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RELEASE: Legislators, Attorney General Keith Ellison Highlight Agenda to Unrig Minnesota’s Economy

Monday, February 26, 2024

Minnesota Legislature




February 26, 2024 

Legislators, Attorney General Keith Ellison Highlight Agenda to Unrig Minnesota’s Economy

ST. PAUL, Minn. — This morning, Senator Lindsey Port (DFL-Burnsville), Senator Liz Boldon (DFL- Rochester), Rep. Kristi Pursell (DFL-Northfield), and Representative Emma Greenman (DFL-Minneapolis) spoke alongside Attorney General Keith Ellison on legislation to restore Minnesota’s competitive marketplace and curb corporate monopolies in industries across the state. Among the legislation highlighted is a ban on “junk fees,” agricultural right to repair, medical debt reform, and antitrust penalties.

Minnesotans are urging us to take action to level the playing field for workers and families, in an economy tilted to benefit powerful corporations and wealthy interests,” said Rep. Greenman. That’s why we’re advancing our agenda to unrig Minnesota’s Economy and put market power back in the hands of Minnesotans.

The medical debt reform proposal includes banning medical debt from affecting someone’s credit score and cutting interest on medical debts from 8 to 0 percent. One in 10 U.S. adults owes at least $250 in medical debt.

“Every Minnesotan should be able to get the care that they need without fear of facing devastating debt or bankruptcy. In my work as a practicing nurse, I hear from patients far too often that this is not the reality for many, in part because of predatory debt collection practices that put profits over people,” said Sen. Boldon. “I’m proud to author this legislation and in partnership with the Attorney General’s Office, and I look forward to working with my Senate colleagues to protect the financial well-being of Minnesota families.”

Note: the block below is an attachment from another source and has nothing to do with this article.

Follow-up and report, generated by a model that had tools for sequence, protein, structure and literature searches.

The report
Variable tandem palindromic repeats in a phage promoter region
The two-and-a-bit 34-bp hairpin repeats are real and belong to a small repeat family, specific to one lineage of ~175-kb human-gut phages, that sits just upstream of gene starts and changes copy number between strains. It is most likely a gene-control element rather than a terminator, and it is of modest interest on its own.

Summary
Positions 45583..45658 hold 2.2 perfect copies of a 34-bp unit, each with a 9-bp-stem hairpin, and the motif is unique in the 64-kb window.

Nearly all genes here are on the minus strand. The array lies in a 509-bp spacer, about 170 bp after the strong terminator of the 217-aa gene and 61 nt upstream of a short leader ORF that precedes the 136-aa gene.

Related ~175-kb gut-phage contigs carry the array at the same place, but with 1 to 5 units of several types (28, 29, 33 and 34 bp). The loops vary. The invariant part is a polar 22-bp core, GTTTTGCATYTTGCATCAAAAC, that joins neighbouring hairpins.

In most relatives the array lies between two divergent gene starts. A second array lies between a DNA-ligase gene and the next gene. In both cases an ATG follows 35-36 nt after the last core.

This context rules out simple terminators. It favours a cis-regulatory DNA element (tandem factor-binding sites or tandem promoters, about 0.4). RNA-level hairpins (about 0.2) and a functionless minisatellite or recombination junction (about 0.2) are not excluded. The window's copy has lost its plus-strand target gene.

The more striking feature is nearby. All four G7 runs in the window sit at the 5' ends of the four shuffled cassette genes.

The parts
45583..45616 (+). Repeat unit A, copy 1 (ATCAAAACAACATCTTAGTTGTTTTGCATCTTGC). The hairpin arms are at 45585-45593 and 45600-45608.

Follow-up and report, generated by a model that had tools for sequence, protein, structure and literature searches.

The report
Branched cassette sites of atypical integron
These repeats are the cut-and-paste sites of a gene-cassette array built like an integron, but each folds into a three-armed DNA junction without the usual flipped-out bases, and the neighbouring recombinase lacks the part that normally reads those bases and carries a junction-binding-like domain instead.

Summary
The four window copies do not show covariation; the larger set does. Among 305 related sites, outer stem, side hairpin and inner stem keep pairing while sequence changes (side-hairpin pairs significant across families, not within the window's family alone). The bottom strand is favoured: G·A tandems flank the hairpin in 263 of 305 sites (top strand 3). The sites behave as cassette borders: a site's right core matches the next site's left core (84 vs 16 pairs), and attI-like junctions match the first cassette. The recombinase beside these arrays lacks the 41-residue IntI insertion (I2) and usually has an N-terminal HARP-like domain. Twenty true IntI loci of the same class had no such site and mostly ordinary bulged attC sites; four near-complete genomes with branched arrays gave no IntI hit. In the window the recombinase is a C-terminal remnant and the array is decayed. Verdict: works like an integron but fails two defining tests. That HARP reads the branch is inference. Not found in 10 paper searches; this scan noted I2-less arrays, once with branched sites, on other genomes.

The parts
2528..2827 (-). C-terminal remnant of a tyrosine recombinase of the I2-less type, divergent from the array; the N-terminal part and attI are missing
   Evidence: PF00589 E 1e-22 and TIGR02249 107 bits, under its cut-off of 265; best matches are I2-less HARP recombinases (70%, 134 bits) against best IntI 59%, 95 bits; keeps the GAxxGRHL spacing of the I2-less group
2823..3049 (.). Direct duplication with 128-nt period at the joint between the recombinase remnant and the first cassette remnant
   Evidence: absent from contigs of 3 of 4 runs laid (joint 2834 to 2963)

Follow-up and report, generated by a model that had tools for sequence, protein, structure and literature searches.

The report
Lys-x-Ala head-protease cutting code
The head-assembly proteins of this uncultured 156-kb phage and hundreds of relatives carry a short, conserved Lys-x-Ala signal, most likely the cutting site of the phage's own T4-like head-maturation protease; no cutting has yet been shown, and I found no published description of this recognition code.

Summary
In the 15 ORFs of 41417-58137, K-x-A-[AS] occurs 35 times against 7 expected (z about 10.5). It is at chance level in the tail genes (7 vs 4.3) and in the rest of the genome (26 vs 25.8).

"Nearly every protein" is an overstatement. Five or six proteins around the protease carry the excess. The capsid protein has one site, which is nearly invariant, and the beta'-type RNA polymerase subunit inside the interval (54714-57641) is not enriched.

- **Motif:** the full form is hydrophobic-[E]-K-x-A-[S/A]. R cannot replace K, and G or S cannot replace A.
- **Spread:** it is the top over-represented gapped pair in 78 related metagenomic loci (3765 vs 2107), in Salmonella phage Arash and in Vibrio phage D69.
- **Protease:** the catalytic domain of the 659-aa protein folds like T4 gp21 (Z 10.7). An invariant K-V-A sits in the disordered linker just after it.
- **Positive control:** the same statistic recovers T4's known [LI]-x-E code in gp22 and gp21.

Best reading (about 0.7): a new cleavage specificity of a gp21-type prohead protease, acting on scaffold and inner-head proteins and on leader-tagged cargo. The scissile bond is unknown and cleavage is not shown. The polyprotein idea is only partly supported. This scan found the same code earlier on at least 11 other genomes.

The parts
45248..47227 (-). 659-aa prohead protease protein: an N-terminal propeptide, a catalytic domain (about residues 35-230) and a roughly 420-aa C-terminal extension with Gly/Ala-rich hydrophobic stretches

“Junk fees” include charges that corporations use at the end of a transaction, such as “convenience” and “processing” fees — which can cost Americans tens of billions of dollars annually. Consumer Reports estimates the average family of four loses more than $3,200 per year to junk fees, and much more if they make a significant purchase such as a car. Utilities, cell phone bills, cable bills, rent, student fees, and more are all subject to junk fees.

“Junk fees are an underhanded way for corporations in Minnesota to hike prices and conceal the true cost of their product or service for families, in a time when many families are struggling to meet basic needs,” said Sen. Port. “These fees allow companies to show a lower dollar amount at the start of a sale, but by the time you’re ready to pay, they’ve added so many unexplainable fees that the final cost can be almost twice as much as the original number. This bill would give consumers a clear, up-front understanding of an item’s true cost and allow them to make informed decisions about the products and services they choose.”

The Right to Repair legislation requires manufacturers of certain electronic products to make documentation, parts, and tools for diagnosis, maintenance, or repair available to independent repair providers and product owners on fair and reasonable terms.

"Minnesota farmers have enough to worry about without having to go to the manufacturer of their equipment for repairs every time something as small as a sensor malfunctions," said Rep. Kristi Pursell (DFL-Northfield), vice-chair of the House Agriculture Committee. "Farmers are asking us to expand our Right to Repair laws to help them remain profitable as they support their families and our local economy, and that's why I am proud to author this legislation."